Even if you can’t afford to offer high salaries, there are ways around this to make you just as appealing as larger corporate competitors. Younger employees seek more flexibility and control over their benefits. They’re also strongly interested in programmes including support for stress and promoting physical health. In response to this, you could provide more choice to appeal to these needs.
Sparking wellness-related challenges, with a fun and friendly approach can be an effective and inexpensive way to appeal to younger generations in the workplace. The craze for fitness trackers has been well noted by larger corporations, but smaller businesses can also benefit from this trend without a huge financial investment.
The mobile app Walkingspree promotes fitness aspirations encouraging people to reach step goals, either individually or as part of a group. It works by using employees’ personal fitness trackers, so it means businesses don’t have to shell out for costly gadgets.
You can offer health and fitness prizes for top job performances every quarter or six months – such as free sportswear, a set of PT sessions or massages – to drive business performance and healthy behavior. Again, you don’t need big budgets to do this in order to appeal to graduates.
4. Be mindful of recruitment processes
New research has found evidence data-driven recruitment algorithms have the potential to learn prejudices. Unless carefully monitored, their patterns can even detect patterns of underrepresentation and reproduce them.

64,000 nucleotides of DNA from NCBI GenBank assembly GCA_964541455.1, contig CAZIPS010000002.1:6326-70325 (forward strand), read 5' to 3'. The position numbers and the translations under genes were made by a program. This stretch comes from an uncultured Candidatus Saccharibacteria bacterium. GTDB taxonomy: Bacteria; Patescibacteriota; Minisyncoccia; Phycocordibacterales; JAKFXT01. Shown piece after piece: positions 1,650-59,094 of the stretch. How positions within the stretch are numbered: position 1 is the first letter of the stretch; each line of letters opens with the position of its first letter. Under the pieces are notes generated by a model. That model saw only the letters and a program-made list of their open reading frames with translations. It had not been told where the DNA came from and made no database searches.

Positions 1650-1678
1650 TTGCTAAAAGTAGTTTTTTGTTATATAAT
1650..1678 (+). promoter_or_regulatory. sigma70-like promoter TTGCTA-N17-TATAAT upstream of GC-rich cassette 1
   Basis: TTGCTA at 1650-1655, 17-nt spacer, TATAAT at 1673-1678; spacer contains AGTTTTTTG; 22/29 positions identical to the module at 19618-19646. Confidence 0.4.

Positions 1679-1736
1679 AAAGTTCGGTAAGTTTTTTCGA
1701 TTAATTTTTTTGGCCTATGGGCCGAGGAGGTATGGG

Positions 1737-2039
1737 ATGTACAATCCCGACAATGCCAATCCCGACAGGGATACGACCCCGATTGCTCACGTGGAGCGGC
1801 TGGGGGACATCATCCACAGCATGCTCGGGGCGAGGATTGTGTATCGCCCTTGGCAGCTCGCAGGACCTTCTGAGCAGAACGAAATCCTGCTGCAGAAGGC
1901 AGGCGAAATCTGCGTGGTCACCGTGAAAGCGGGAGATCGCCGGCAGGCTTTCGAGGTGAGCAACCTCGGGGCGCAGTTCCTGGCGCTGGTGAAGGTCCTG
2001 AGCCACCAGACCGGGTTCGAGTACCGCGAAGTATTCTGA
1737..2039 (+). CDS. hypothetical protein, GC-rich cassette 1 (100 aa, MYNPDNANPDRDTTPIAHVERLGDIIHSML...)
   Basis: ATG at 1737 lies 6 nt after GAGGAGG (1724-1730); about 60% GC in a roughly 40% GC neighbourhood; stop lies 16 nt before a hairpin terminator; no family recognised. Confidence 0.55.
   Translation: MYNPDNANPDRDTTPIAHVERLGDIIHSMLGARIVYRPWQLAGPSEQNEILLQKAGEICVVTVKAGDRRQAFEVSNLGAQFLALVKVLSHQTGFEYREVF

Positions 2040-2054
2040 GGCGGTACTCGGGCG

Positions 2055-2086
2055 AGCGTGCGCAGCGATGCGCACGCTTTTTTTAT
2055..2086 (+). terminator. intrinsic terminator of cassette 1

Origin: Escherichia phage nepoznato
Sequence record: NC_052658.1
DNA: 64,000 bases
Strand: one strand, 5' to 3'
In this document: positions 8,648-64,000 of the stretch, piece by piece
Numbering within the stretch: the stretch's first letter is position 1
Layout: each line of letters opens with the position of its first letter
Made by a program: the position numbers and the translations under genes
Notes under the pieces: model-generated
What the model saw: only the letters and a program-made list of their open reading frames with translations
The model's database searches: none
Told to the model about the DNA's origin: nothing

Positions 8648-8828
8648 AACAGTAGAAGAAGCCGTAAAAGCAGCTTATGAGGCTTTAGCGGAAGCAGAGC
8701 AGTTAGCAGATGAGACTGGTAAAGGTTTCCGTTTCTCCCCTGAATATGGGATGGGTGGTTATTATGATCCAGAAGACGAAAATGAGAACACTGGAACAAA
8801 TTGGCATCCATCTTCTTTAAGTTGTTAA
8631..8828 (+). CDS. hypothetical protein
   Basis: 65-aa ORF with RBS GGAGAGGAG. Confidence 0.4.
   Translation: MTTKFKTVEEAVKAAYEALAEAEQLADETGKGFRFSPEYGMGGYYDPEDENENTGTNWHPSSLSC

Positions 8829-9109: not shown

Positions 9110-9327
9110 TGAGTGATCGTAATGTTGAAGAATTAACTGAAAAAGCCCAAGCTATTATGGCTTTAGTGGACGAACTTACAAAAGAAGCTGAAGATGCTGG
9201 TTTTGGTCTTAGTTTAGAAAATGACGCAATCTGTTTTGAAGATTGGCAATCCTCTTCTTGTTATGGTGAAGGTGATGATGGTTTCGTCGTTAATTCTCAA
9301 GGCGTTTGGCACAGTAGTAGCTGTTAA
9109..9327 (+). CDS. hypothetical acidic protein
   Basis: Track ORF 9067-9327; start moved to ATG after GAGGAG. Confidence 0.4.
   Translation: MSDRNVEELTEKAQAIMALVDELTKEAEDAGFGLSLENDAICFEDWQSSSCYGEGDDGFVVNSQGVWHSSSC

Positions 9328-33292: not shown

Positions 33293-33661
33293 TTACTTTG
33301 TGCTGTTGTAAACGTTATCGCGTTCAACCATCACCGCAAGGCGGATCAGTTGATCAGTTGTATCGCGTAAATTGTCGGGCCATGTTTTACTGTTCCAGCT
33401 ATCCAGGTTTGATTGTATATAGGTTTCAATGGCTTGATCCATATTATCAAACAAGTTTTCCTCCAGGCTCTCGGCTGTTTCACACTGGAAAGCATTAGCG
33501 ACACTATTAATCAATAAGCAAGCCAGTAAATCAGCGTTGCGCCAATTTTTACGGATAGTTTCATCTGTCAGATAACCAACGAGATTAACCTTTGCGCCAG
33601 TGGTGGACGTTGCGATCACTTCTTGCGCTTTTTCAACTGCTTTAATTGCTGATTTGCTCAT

So how can you ensure online graduate screening is accurate and you’re not missing out on strong candidates?
Firstly, invest budget on a reliable, digital platform. For example; algorithm-driven recruitment platform Headstart matches graduates to job opportunities based on psychometrics and mutual needs rather than which university they attended.
Make sure you include a face-to-face meeting early in the interview process. Even if a candidate does not perform well in an online test or telephone interview, if their CV stands out, it’s still worth meeting them. In person, they might show raw talent which just requires a bit of training and support for them to shine.
Perhaps try widening the pool from which your graduates are sourced. Many companies typically go back to the same handful of universities, meaning they end up hiring from the same socio-economic backgrounds. This potentially creates an environment lacking diversity of thought, which can be detrimental to business.
To create a more diverse workplace, companies like Deloitte have started implementing “university-blind interviewing” ensuring whoever is recruiting isn’t unconsciously or consciously favoring a person who attended a certain university.
Graduates have huge untapped potential and can be an asset if their skills are harnessed intelligently. Business leaders must provide graduates with the freedom to think for themselves and combine this with enough support to help them learn and thrive.
About the author: Emma Davidson is the Area Retail Manager for Express, a top five graduate employer amongst SME’s in the UK and voted top graduate employer in the Consumer Goods Industry.